Pay Up! The Subtle Art Of Collecting Arrears

 In the tough economic environment we've been struggling through over the past  few years, many condo owners have faced job loss, pay cuts, or just financial  uncertainty. Unfortunately, the sign of the times sometimes leads to an owner  not paying their common charges.  

 “I definitely say that in the last five years, owners not paying assessments and  being delinquent has become a problem,” says Gail Filkowski, CMCA, director of sales and marketing at American  Community Management in Schaumburg. “Five years ago, management companies were inundated with requests for paid  assessment letters and sales packets. Today we are constantly sending out late  notices and records to the attorney for collections. And if you even wanted to  go back 5 to 10 years ago, I didn't really see many line items in budgets for  bad debt, while today we have to encourage a lot of communities with high  delinquencies to budget for an amount that they simply aren't going to get in  assessment payments.”  

 A tough job market may be the biggest reason for late or skipped payments.  

 “I think that job loss is the most common reason for people to stop paying  assessments,” says Filkowski. “They're kind of forced to choose what bills to pay, and assessments are at the  bottom of the list after groceries, utilities, and car payments. Also today  with so many foreclosures happening, homeowners will frequently just stop  paying assessments as well. They think making an assessment payment might be  pointless if they're eventually going to lose their home to foreclosure, which  is frustrating for a property manager because a lot of homeowners don't quite  understand that, actually, the consequences of not paying your assessments can  lead to the association obtaining an order of possession, and if they actually  want to follow through, evicting that homeowner a lot faster. Then, that  homeowner might lose their home in a foreclosure,”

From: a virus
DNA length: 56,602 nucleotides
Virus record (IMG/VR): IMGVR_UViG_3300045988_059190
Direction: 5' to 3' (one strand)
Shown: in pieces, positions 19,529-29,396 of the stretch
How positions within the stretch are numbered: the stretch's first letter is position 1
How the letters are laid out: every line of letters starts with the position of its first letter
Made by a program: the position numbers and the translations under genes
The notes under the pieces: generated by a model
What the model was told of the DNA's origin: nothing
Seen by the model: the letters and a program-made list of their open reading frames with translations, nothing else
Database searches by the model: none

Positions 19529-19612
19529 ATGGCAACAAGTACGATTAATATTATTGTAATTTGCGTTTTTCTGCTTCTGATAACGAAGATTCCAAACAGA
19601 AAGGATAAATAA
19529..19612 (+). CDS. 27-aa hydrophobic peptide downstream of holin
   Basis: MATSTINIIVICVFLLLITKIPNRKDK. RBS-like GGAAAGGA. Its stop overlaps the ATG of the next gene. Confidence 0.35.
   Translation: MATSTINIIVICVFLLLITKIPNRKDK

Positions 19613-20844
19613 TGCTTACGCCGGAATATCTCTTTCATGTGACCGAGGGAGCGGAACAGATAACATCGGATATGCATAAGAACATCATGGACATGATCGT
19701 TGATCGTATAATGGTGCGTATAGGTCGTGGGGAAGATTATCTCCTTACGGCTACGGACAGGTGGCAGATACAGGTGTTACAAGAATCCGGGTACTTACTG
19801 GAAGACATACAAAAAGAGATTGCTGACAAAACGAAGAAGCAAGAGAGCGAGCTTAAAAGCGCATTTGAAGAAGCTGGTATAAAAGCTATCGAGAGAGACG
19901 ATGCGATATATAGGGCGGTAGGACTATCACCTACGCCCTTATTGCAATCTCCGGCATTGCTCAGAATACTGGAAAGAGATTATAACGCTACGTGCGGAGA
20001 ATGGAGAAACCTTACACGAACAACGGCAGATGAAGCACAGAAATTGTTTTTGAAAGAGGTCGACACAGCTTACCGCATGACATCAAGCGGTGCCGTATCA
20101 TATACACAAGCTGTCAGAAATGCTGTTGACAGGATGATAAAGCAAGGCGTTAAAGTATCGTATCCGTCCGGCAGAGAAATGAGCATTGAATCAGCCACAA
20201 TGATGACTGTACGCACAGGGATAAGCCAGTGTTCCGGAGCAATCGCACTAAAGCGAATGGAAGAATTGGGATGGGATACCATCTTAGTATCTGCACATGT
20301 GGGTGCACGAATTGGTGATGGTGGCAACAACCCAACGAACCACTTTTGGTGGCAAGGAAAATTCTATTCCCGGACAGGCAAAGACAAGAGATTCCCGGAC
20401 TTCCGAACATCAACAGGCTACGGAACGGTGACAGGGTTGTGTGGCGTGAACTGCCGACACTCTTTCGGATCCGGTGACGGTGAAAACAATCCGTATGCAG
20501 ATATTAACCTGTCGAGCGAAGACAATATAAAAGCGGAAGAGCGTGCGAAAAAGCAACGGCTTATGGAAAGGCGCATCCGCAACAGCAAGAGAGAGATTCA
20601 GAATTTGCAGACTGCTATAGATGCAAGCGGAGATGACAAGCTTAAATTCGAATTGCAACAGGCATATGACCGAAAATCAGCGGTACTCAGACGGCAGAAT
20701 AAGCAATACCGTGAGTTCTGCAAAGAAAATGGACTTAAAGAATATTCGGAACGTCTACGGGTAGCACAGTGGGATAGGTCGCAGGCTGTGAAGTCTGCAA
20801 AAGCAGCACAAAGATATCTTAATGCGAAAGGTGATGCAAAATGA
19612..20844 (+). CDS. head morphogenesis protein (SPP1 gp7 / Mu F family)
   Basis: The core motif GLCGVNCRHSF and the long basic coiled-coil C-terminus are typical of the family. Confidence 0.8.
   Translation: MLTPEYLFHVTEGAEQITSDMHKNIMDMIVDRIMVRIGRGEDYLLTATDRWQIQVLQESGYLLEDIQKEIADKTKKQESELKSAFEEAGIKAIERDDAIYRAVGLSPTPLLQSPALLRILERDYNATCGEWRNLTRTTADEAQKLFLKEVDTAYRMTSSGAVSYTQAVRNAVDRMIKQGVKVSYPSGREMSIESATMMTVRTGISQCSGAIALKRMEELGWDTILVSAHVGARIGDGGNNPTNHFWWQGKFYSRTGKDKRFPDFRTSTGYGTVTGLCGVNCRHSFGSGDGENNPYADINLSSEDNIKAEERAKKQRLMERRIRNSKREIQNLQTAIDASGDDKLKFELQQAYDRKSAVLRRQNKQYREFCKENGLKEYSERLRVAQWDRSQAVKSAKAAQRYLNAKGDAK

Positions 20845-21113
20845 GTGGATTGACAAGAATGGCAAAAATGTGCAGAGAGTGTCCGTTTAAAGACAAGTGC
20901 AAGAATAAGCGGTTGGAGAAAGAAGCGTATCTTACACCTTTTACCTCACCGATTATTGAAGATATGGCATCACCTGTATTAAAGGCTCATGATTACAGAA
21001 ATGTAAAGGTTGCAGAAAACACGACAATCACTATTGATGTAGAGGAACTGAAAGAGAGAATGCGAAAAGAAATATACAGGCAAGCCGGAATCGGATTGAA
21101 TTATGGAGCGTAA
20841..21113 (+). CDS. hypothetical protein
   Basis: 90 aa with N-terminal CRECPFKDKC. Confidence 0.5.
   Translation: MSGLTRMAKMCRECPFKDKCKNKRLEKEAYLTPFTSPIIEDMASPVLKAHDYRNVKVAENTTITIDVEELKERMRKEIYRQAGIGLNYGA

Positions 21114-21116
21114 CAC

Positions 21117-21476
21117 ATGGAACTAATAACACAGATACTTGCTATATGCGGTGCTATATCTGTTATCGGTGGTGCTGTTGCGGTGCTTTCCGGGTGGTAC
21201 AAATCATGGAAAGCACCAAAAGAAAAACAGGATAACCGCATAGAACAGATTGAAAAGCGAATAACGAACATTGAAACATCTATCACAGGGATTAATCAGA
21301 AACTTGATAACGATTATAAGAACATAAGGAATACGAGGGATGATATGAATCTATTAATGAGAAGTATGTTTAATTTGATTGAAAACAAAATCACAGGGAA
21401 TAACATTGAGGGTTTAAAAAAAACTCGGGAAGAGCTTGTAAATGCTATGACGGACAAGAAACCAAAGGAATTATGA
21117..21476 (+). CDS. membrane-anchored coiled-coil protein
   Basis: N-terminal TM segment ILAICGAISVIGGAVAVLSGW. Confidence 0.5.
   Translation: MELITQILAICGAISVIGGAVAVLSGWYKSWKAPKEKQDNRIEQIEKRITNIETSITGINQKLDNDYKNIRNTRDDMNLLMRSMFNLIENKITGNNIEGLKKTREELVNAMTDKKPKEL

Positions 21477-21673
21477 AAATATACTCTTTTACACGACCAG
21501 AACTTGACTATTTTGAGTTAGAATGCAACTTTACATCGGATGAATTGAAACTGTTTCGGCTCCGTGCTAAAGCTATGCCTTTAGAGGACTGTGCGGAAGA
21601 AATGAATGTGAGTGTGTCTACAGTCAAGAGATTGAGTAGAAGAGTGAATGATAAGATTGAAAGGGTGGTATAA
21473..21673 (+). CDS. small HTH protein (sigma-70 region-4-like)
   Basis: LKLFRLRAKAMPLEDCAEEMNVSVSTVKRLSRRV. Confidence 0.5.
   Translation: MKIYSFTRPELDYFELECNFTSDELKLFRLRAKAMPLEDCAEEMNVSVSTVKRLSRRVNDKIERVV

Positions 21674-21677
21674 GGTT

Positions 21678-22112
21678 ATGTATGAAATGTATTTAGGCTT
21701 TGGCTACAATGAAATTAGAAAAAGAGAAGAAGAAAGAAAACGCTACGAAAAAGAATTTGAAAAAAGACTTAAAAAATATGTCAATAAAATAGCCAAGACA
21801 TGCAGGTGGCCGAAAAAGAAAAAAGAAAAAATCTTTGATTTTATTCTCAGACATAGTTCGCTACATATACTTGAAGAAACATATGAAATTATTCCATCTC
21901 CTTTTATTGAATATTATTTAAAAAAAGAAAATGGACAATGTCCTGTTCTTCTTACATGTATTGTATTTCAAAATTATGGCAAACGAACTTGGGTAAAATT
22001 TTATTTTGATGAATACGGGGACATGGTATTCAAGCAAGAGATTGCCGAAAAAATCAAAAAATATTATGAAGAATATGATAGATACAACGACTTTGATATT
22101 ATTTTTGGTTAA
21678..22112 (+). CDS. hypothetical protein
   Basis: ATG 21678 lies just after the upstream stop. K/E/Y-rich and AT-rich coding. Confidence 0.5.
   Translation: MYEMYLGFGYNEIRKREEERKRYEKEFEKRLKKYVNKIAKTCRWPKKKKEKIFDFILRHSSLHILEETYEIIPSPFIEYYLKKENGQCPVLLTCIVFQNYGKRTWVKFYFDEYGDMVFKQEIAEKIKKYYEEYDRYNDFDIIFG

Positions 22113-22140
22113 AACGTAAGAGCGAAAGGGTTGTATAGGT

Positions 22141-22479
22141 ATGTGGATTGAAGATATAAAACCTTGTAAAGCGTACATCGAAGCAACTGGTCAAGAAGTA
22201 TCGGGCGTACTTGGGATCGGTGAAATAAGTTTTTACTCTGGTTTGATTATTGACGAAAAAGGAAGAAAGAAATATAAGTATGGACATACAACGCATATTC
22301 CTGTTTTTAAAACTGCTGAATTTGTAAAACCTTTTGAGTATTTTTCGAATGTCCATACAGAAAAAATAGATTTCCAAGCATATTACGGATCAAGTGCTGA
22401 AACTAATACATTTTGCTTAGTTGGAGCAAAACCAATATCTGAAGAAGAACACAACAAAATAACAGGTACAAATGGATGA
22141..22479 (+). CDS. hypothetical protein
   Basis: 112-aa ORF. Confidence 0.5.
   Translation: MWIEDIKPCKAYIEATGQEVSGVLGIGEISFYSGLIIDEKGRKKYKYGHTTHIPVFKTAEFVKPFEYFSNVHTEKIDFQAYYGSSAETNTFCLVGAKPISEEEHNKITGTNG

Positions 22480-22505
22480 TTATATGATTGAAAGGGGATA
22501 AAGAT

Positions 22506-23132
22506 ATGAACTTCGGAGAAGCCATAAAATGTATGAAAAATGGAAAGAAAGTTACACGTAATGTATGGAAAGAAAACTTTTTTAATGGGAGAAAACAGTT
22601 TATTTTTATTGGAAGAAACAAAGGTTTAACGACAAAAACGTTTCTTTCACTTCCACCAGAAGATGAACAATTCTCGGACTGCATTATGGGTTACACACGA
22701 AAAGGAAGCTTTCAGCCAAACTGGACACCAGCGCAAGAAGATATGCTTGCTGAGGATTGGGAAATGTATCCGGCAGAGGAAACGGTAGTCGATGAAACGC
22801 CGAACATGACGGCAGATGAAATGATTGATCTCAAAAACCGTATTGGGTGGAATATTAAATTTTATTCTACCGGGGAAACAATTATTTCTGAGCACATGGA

Communication & Consistency

 Associations should have a written procedure that is disseminated to everyone so  that residents know exactly the way things are done—and more importantly, that things are done consistently for all unit owners.  


Related Articles

Q&A: When an Owner Who Owes HOA Fees Is Now Bankrupt

Q&A: When an Owner Who Owes HOA Fees Is Now Bankrupt

Q&A: One Space or Two?

Q&A: One Space or Two?

Don’t Raid the Cookie Jar

Capital Budgeting is Essential



  • Great post! I am currently going tohgurh the process of hiring a an agency to collect final payments from a few clients. I own a commercial painting business, and want to make sure I choose a reputable company that I feel comfortable with going out on my behalf. Especially with the bad rap that collection agencies usually carry. I received several price quotes from but as far as getting the information you suggested above, is that something that companies will typically disclose? Is there anything else I should worry about when hiring an agency?